“I joined the BME Network to help build an inclusive organisation where everyone is given a fair chance. For me, it’s about greater education, understanding and representation and providing a safe space for our colleagues to have open conversations.

“I'm passionate about promoting race equality and I felt it was important to step-up and contribute positively to the experience of Black, Asian and minorities within the company. I love working here and I want to make sure that we continue to attract broad talent by giving interested candidates the confidence that they can grow and develop, just like I did.

“I love being involved in an industry that impacts people’s daily lives – it gives my job real meaning as I’m responsible for coordinating the messaging that the control room puts out. It’s my duty to provide our customers with reliable, up-to-date information. We’re changing and evolving the way we interact with customers online and I’m involved in delivering the strategy for this. We continuously look at how we can improve and advance.

“When I first joined the control room I was one of only a handful of females, so it’s nice to see things developing and moving on. Change is good!”

Myles Francis


“I have been working throughout lockdown, which gave me a sense of normality and routine; I’ve spent any time off with my eight-year-old daughter. We put her through a home-schooling programme where she would join classes on video, but I had to remind her a few times that she was at school and shouldn’t be playing on her Nintendo Switch!

“I found out I was going to become a father during my first year of university – and that made me more determined than ever to finish the course and get my degree. I studied finance accounting and although I enjoyed it, I realised when on a placement at Canary Wharf that it wasn’t where I wanted my future to go. I carried on studying and juggled my degree with a full-time job, which is when I first joined the railway family as a platform assistant. I completed my dissertation whilst already working in the industry I would go into after university!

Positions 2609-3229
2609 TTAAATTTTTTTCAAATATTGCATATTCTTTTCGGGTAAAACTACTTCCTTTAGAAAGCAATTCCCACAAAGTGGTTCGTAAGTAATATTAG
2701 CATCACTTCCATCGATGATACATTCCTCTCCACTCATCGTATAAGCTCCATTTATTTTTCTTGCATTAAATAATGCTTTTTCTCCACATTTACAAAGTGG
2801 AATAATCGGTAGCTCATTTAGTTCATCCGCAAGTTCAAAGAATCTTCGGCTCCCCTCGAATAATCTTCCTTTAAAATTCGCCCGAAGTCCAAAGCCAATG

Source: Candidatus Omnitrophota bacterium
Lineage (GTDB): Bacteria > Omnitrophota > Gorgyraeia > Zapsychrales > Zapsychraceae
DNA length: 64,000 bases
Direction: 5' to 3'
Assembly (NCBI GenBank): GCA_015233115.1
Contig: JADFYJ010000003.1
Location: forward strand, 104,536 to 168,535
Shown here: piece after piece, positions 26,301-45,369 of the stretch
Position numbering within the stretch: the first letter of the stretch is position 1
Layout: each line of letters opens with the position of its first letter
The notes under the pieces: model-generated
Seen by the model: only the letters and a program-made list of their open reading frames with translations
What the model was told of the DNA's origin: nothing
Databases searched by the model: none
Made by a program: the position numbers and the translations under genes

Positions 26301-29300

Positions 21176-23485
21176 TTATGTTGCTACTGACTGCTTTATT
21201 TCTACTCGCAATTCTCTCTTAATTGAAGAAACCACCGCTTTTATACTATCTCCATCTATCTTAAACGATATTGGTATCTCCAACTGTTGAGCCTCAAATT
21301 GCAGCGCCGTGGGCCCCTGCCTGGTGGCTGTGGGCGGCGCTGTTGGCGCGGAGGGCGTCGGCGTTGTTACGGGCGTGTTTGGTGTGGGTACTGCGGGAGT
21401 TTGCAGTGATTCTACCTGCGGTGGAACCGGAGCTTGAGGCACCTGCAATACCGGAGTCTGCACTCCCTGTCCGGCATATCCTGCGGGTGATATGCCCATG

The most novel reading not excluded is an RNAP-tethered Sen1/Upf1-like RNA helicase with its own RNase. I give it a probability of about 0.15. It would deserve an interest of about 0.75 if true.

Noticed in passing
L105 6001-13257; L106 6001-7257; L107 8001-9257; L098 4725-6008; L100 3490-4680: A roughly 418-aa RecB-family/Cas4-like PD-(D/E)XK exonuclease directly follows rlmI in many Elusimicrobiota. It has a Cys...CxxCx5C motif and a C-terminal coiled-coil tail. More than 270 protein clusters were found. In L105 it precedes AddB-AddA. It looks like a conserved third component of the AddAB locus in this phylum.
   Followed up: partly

“Working on the platforms at Moorgate and Finsbury Park helped me get to grips with the network very quickly. People would need help with timetables and routes, so you have to know your stuff; if you accidentally get someone on a wrong train they will definitely come back and tell you about it the next day!

“Having a good memory served me well moving into the train driver role. There are days when it’s pitch black and foggy and you might not be able to see very far ahead, but you get to learn the track and you can sort of feel the route with your body. On trickier routes, I introduced a slightly quirkier technique to help my memory. I imagined myself as part of the Jamaican Bobsled team in ‘Cool Runnings’ leaning left or right, depending on the track – and it really helped! I did it in my final driver exam, I don’t think the manager had ever seen anything like it and it certainly made him laugh.

“I’ve always wanted to work on the trains and I love being a driver. I can honestly see myself doing this job for as long as humanly possible. Normally, the process from applying to starting can take anything from a year to two years but it took me just six months. I think I completed it so soon because I was really committed and dedicated – I just knew it’s what I wanted to do.

“To people returning to rail, my advice would be check before you travel and try and travel outside of the peak. Face coverings are compulsory so please make sure you carry one at all times.”